Tincan: the restaurant serving only tinned fish

I don’t know about you, but I’m a big fan of niche cuisine restaurants. They’re like the musical sub-genres of the food world. And Tincan in London is totally the underground Japanese Ska. I would say it even rivals the Cat Cafe in uniqueness. 

From a designer’s point of view, I’m all for it. Now, I’ve never been a particularly big fan of food that comes in tins, aside from the occasional can of soup. If you tried to get me to try Spam, for example, there would need to be a pretty clever ruse involved, otherwise you’d be able to find me across the street. However, the thought of being surrounded by hundreds of well-designed and eclectic tins of all shapes and sizes has me wanting to burst through the bounds of my comfort zone in favor of preserved seafood. Who woulda thunk it?

-Annie

Would you ever guess that we’re huge foodies over here at City Dining Cards?  Yesterday our in-house cheesologist/tacologist/espressologist, Robin, introduced us to ChefSteps - a series of instructional videos and recipes by an experimental group of chefs, scientists, and artists.  If you’ve ever wanted to learn how to make a classic French macaron, butcher a large lingcod (who hasn’t?), or concoct the perfect apple gin gimlet then search no more.  ChefSteps does an amazing job at explaining the science of food, and I think we can all agree that high school chemistry would have gone a lot better had we been watching these videos the whole time.  Check out this video explaining why your hand won’t instantly freeze from dipping it in liquid nitrogen, and beware the clickhole.

-Emily

Our co-conspirator Ryan likes beer, and you know City Dining Cards likes beer!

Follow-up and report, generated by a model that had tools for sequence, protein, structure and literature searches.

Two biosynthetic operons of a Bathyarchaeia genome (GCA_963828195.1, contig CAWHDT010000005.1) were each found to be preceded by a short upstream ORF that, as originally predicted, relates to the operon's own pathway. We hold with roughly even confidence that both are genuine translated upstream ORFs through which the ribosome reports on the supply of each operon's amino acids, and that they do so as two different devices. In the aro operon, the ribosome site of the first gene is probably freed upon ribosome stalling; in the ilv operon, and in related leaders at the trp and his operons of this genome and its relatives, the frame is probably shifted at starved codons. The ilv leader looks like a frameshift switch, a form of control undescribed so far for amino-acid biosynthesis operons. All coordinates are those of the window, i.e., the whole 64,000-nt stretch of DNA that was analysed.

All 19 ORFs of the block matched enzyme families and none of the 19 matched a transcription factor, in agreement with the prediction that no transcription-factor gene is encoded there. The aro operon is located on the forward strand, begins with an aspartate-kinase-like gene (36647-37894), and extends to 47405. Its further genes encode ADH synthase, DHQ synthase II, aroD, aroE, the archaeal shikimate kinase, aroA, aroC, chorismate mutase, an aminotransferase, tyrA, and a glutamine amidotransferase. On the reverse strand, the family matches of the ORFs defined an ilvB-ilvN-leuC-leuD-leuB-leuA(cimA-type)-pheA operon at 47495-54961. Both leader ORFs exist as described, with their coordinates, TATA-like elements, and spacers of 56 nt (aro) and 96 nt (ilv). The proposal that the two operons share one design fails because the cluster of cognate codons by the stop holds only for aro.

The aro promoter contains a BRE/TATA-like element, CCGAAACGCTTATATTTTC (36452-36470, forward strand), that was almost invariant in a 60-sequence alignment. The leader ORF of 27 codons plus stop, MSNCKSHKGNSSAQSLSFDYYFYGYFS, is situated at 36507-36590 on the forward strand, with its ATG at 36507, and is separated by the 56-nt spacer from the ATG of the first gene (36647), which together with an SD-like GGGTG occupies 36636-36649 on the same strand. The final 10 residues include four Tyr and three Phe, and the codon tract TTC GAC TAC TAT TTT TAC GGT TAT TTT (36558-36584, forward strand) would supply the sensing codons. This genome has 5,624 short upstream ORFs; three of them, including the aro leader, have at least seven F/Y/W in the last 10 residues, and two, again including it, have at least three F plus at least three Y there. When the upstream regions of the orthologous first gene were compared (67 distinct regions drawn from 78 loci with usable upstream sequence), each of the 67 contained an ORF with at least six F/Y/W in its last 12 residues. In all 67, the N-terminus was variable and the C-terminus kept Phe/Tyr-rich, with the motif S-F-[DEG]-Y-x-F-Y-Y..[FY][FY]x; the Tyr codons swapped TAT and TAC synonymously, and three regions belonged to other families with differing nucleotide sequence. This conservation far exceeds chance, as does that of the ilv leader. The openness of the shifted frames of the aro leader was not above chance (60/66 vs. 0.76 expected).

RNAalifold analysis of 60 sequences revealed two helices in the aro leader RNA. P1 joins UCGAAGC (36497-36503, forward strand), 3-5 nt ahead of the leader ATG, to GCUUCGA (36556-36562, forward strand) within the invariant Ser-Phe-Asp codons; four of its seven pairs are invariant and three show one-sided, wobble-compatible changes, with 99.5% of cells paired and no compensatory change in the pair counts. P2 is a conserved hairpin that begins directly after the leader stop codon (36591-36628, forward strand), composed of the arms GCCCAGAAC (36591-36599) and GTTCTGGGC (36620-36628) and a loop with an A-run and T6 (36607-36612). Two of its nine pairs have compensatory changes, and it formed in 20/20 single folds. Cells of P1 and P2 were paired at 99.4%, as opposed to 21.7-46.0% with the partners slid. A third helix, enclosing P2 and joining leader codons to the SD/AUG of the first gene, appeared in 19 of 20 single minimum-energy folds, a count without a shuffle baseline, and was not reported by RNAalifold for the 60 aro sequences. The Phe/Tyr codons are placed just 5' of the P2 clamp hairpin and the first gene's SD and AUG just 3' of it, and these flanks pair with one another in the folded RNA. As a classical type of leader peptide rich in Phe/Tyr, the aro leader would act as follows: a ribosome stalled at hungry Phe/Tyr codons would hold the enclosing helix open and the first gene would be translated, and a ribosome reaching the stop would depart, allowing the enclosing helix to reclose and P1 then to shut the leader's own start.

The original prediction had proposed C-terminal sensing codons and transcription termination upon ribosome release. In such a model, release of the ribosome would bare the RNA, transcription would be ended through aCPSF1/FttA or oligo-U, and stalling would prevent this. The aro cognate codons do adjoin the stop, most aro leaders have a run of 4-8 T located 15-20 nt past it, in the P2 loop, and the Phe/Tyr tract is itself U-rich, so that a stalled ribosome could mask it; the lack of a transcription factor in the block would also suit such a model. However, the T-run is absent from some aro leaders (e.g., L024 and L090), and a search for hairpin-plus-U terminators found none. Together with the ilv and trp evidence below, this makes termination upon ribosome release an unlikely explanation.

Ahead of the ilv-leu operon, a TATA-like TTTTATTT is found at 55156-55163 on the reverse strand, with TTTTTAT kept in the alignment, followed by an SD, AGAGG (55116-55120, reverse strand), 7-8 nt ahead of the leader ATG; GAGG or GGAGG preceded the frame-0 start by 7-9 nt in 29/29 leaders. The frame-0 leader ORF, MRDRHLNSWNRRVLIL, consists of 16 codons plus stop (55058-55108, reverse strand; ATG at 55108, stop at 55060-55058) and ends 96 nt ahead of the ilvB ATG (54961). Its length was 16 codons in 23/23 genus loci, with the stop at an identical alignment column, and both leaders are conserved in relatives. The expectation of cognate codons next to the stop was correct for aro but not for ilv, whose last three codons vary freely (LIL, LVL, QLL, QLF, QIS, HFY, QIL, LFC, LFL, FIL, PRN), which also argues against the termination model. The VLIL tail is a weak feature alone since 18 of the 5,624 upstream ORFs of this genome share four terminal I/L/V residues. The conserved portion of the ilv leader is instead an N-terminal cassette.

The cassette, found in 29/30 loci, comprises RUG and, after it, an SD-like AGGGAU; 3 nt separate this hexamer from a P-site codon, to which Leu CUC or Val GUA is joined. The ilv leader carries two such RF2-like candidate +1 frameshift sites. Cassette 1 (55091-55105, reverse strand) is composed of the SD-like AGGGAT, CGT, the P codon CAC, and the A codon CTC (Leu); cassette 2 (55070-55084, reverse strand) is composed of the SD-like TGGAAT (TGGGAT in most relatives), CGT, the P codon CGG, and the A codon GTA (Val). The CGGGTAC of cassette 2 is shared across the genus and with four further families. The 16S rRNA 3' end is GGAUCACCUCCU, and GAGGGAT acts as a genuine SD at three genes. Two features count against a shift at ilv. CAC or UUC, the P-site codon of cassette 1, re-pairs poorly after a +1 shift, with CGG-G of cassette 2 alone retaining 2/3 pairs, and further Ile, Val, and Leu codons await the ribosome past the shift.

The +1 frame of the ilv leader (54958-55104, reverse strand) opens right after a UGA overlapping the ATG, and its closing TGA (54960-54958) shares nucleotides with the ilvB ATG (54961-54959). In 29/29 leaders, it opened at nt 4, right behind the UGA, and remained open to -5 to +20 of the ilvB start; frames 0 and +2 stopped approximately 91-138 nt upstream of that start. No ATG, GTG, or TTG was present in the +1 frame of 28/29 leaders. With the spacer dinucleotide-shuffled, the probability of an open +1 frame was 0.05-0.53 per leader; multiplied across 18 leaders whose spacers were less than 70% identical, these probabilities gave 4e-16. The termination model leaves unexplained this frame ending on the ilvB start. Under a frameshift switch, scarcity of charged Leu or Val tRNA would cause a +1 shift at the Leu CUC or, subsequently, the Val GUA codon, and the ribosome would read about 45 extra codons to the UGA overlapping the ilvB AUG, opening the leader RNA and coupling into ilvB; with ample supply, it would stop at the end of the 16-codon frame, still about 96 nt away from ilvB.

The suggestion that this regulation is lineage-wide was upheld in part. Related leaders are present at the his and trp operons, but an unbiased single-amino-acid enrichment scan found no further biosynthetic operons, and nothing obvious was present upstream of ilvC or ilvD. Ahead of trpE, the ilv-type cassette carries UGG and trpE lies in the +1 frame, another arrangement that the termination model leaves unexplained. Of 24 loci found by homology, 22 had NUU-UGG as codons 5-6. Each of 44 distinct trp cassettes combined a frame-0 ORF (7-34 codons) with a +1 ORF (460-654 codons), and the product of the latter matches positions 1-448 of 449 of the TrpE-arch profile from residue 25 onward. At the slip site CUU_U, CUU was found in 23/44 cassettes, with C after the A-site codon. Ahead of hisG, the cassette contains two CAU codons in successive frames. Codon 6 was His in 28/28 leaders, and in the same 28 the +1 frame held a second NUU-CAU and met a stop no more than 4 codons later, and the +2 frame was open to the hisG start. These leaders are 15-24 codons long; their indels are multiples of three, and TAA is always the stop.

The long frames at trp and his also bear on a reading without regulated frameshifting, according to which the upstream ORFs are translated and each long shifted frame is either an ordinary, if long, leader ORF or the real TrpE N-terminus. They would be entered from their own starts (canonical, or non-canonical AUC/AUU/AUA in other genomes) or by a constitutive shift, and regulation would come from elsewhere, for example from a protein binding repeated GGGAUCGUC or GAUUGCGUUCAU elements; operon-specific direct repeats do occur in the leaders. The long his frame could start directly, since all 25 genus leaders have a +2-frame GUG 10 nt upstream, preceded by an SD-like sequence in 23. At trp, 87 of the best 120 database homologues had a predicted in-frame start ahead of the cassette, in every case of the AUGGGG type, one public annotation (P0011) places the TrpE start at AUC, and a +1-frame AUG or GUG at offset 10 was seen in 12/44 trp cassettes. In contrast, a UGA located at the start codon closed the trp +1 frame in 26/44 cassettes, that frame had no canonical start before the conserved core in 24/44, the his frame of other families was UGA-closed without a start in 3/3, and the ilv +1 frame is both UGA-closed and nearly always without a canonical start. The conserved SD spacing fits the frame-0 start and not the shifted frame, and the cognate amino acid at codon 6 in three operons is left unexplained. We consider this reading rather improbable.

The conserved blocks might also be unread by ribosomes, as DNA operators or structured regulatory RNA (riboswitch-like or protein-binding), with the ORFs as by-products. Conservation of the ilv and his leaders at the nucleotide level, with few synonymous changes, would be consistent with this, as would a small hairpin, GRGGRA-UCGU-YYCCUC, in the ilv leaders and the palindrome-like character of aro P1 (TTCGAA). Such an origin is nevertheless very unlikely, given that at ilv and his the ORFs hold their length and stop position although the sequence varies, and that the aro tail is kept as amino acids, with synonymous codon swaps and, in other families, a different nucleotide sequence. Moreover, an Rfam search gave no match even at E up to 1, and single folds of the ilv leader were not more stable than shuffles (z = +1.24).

clubhaus:

As the weekend approaches, my mind—and I suspect many people’s minds—begins to wander towards thoughts of the myriad delicious adult refreshments that I could be enjoying in the coming evenings.
As a designer, beer drinker and full-time hell-raiser, the marketing of these products has always fascinated me, now more so than ever with the craft beer revolution in full swing. This explosion of micro-breweries has created an unfathomably competitive market with thousands of major players where the look of your product is somehow even more paramount than it always is in any other market. Your bottle label now has to tell a complete narrative about where your beer came from, how it was made, what kind of values your brewery holds et cetera in order to inform would-be consumers awash in a ocean of craft beer to choose from and inspire them to pick your sixer over the others on the shelf. That sure sounds like the perfect recipe for some really cool packaging design and marketing to me. 
In my opinion, one company who is really championing this idea and successfully executing it with the utmost in taste and elegance is the Spoetzl Brewery, the Texan producers of Shiner Beer. They are a long-standing player in the craft beer game with roots dating back to the turn of the century (and I mean the 20th century) but they recently had a bit of an identity crisis following some big expansion which caused them to fall out of favor with the modern beer drinker and his obsession with small craft microbrews.
In a stroke of brilliance, they hired the amazing Austin-based agency McGarrah Jessee to completely refresh their brand and rethink everything from their logo to product development and put together a fully integrated advertising campaign—totally a dream job for me (I can think of a few Buffalo breweries I’d love to have a crack at). The results they came up with are beautiful, elegant, successful and, most importantly, delicious (the Wild Hare IPA is a personal favorite). One look at any of their beers or the marketing collateral built around them and you instantly get the following facts about Shiner loud and clear: a) It’s definitely from Texas; b) It’s also somehow German (think Christoph Waltz as Dr. King Schultz); c) It’s been around for a really long time and has a rich, proud history, d) It’s clearly not made by a corporate giant; and e) It’s super cool/hip/modern/exciting/and probably a really great beer. All that in a beer label. Now that’s good design!  

You can see McGarrah Jessee’s complete campaign for Shiner here, or you can dive right into the awesome web experience they designed for them, complete with full-frame video, gorgeous environmental product photography, and all the things that really get us hot & bothered here at Block Club. 
Prost!
-Ryan